I’ve often heard resilience is the marker of success. The ability to recover from difficulties — to get up after being knocked down — allows people to move forward and overcome their biggest professional and personal obstacles.
That’s why reading the Leading Fleets’ biggest challenges and how they overcame them is always something I look forward to. Not only does it provide a very educational snapshot of what fleet professionals have been dealing with for the past year, but it also shows the resilience of fleet operations and the creativity and hard work of fleet teams to make necessary changes.
Like last year, this year’s applications often listed technician recruiting as a major challenge. What do you do if technicians just don’t think the pay at public sector fleets is high enough? Apprenticeship programs, expanding recruiting to new avenues, and raising technician pay are a few ways to address this. These methods aren’t easy, but most are successful in some way.
Another challenge fleet organizations face is implementing alternative-fuel or zero-emission vehicles (ZEVs). Public agencies often tout their new initiatives about a cleaner fleet — “we have this goal, and we’ll have this many ZEVs within 10 years.” It’s important to remember that a lot of work goes into accomplishing these goals. Sometimes, there isn’t enough money and fleet operations have to rely on grants. Maybe the building where you want to install charging stations is too old to handle them. Perhaps you have to work with multiple departments during implementation and they aren’t very knowledgeable — or supportive — of the goal.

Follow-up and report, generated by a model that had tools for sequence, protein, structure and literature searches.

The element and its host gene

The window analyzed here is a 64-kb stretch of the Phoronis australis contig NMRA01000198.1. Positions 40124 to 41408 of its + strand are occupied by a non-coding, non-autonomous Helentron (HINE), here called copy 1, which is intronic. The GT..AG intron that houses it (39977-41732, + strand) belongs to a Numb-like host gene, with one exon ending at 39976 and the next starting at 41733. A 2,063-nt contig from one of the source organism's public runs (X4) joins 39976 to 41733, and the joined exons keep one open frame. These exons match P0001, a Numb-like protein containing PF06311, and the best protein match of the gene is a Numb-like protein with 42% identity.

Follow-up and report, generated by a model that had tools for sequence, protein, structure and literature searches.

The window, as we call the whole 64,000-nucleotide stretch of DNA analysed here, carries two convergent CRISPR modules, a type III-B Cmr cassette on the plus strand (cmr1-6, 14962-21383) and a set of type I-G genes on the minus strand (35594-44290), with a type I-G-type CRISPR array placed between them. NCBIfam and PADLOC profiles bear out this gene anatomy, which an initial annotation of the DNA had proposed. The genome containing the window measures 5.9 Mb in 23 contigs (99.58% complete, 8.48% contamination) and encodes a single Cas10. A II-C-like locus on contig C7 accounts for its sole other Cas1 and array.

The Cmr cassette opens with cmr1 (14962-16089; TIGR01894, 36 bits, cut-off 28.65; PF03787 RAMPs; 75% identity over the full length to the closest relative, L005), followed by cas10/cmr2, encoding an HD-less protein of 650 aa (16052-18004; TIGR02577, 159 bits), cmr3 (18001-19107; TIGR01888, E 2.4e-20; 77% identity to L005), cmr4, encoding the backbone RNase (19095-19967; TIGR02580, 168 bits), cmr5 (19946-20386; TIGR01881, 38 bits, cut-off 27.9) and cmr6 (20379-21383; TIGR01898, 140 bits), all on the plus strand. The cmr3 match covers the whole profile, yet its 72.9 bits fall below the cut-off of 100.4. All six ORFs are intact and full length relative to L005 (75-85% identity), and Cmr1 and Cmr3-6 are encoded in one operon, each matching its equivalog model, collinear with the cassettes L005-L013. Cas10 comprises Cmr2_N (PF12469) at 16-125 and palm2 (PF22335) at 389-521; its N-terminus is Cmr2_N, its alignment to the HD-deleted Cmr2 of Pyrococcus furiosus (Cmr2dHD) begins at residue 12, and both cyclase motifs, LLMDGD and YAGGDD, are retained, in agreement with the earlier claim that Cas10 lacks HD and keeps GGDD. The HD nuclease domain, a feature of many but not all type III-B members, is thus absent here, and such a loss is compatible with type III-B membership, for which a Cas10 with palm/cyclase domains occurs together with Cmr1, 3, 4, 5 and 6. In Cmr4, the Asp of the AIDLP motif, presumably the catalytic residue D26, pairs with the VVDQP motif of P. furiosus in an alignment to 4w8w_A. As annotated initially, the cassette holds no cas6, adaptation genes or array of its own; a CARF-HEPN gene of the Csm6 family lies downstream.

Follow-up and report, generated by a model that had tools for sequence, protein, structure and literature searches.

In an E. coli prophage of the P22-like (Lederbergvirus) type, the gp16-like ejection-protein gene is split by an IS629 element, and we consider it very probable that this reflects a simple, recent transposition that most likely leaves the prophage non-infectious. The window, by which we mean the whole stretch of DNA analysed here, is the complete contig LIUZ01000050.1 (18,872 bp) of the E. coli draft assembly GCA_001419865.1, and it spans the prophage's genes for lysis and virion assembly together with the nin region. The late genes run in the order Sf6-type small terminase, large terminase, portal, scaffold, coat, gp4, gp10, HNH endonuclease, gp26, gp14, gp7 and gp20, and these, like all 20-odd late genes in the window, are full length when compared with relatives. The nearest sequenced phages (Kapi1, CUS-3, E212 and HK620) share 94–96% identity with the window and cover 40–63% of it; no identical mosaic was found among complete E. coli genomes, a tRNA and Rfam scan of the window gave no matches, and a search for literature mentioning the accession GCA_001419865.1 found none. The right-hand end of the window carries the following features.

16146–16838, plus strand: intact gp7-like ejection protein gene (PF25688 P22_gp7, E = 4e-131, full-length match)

Yet, fleet operations persist, finding ways to resolve their problems — which is probably why they were named the Leading Fleets.
Preparing for Post-Pandemic Changes
Resilience is definitely needed right now. Many fleet managers are preparing for a recession. Between 69% and 81% of government fleet professionals expect a reduction in budgets (operating and procurement) due to the COVID-19 pandemic, according to two surveys Government Fleet sent out this spring.
I’ve heard agencies are laying people off. Perhaps these aren’t fleet employees, or not yet, but even if fleet employees are spared as essential workers, there’s no doubt this will affect their operations.
Public agencies have faced hiring freezes, some of them self-imposed. After all, why hire if you’ll only have to lay off staff members later?
Fewer procurement funds may mean an aging fleet, which means more maintenance needs. Yet, fleet operations have fewer dollars for training and an inability to hire new employees — this is quite a problem the industry will have to overcome.
But unlike other industries faring much worse, public fleet management and maintenance is essential. It’s essential in keeping police cars, refuse trucks, utility vehicles, fire trucks, ambulances, public works, and other vehicles on the road. It’s essential in helping society run. I’m certain while the next few years are likely to be painful ones, the industry will get through it, like it always does. And we’ll continue the cycle again at some point.
We have to rely on preparation, creativity, resilience, and the knowledge this won’t last forever.
Let me know what you think.